Statistics Class 11


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Statistics Class 11

Statistics Class 11 Notes

In statistics class 11, the importance of statistics in studying the measures of dispersion and the methods of calculating the grouped and ungrouped data has been explained. In applied mathematics, statistics is a branch that deals with the collection, organization and interpretation of data. It is similar to the study of the probability of events occurring based on the collection of data or the known quantities of data. Some of the concepts with examples and the scope of the statistics are explained in the Class 11 maths chapter 15 Statistics.

Statistics Class 11 Chapter 15 Concepts

The concepts covered in this chapter 15 of Class 11 Statistics are:

  • Introduction 
  • Measures of Dispersion
  • Range 
  • Mean Deviation
  • Variance and Standard Deviation
  • Analysis of Frequency Distributions

Let’s have a look at the brief explanation of all these concepts with examples given below:

A measure of central tendency gives us a rough idea of wherever data points are centred. However, to better understand the data, we should know how the data are scattered or how much they are bunched around a measure of central tendency. However, the measures of central tendency are not adequate to give exhaustive information about a given data. Variability is another essential factor that is expected to be studied in statistics. Similar to the measures of central tendency, we need to have a unique number that describes the variability, and this single number is called a measure of dispersion. In this chapter, you will learn some of the important measures of dispersion and the methods for calculating these measured for both ungrouped and grouped data.

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Measures of Dispersion

The dispersion or scatter in the data is measured based on the observations and the types of the measure of central tendency. The different types of measures of dispersion are:

  • Range
  • Quartile deviation
  • Mean deviation
  • Standard deviation.

In Class 11 statistics, you get an explicit knowledge of all the measures of dispersion except quartile deviation, which will be studied in your higher classes.


The range is the difference between the maximum value and the minimum value

Range = Maximum Value – Minimum Value

Click here to understand the range in a better way.

Mean Deviation

Mean deviation is the basic measure of deviations from value, and the value is generally a mean value or a median value. In order to find out the mean deviation, first take the mean of deviation for the observations from value is d = x – a Here x is the observation, and a is the fixed value.

The basic formula to find out the mean deviation is

Mean Deviation = Sum of absolute values of deviations from ‘a’ / Number of observations

To learn more about mean deviation, visit here.

Mean Deviation for Ungrouped Data

Calculation of mean deviation for ungrouped data involves the following steps :

Let us assume the observations x1, x2, x3, …..xn

Step 1: Calculate the central tendency measures to find the mean deviation and let it be ‘a’.

Step 2: Find the deviation of xi from a, i.e., x1 – a, x2– a, x3 – a,. . . , xn– a

Step 3: Find the absolute values of the deviations, i.e., | x1 – a |, | x2– a |, |x3 – a|,. . . ,|xn– a| and drop the minus sign (–), if it is there,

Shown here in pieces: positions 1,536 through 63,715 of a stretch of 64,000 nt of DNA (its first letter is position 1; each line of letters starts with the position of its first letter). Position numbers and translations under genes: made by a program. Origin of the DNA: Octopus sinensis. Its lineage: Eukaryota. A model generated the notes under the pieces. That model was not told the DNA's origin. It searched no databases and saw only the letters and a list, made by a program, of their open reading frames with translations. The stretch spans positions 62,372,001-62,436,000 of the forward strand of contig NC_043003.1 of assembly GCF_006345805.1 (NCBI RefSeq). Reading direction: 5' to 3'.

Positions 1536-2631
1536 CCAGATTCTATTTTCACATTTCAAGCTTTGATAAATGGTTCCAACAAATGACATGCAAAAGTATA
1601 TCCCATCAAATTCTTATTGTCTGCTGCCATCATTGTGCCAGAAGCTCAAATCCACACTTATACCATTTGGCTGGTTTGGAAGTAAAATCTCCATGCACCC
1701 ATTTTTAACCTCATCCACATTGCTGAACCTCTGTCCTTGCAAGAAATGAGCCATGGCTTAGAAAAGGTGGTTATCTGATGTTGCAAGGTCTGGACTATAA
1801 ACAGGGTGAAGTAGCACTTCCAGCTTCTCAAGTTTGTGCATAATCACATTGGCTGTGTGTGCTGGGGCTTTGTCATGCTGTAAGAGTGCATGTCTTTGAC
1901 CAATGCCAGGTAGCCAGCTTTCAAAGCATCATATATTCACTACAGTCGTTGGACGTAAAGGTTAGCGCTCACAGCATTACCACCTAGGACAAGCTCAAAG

Step 4: calculate the mean of the absolute values of the deviations. This mean obtained is the mean deviation about a, i.e.,

[latex]M.D (a)= \frac{\sum_{i=1}^{n}\left |x_{i}-a \right |}{n}[/latex]


[latex]M.D (\bar{x})= \frac{\sum_{i=1}^{n}\left |x_{i}-\bar{x} \right |}{n}[/latex], where [latex]\bar{x}[/latex] = Mean


[latex]M.D (M)= \frac{\sum_{i=1}^{n}\left |x_{i}-M \right |}{n}[/latex], Where M = Median

Mean Deviation for Grouped Data

The data can be grouped into two ways namely,

  • Discrete frequency distribution
  • Continuous frequency distribution

The methods of finding the mean deviation for both the types are given below

Discrete Frequency Distribution

Here, the given data consist of n distinct values x1, x2, x3,….xn has frequencies f1, f2, f3,….fn respectively. This data is represented in the tabular form as and is called discrete frequency distribution, and the data are given below

x x1 x2 x3 …… xn
f f1 f2 f3 …… fn

Mean Deviation About Mean

First find the mean [latex]\bar{x}[/latex], using the given formula :


Where the numerator denotes the sum of products of observations xi with the respective frequencies fi and the denominator denotes the sum of frequencies.

Now take the absolute values, [latex]\left | x_{i}-\bar{x} \right |[/latex] , for all i = 1, 2, 3, ..n

Therefore, the required mean deviation about the mean is given by

[latex]M.D(\bar{x})=\frac{\sum_{i=1}^{n}f_{i}\left | x_{i}-\bar{x} \right |}{\sum_{i=1}^{n}f_{i}}=\frac{1}{N}\sum_{i=1}^{n}f_{i}\left | x_{i}-\bar{x} \right |[/latex]

Mean Deviation About Median

To find the mean deviation about the median for the given discrete frequency distribution. First arrange the observation in ascending order to get cumulative frequency which is equal to or greater than N/2, where N is the sum of the frequencies.

Therefore, the mean deviation for median is given by,

[latex]M.D(M)= \frac{1}{N}\sum_{i=1}^{n}f_{i}\left | x_{i}-M \right |[/latex]

Also, check:

Continuous Frequency Distribution

To find the mean deviation for the continuous frequency distribution, assume that the frequency in each class is centred at its midpoint. After finding the midpoint, proceed further to find the mean deviation similar to the discrete frequency distribution.

Standard Deviation

The positive square root of the variance is called standard deviation (S.D) and it is denoted by the symbol,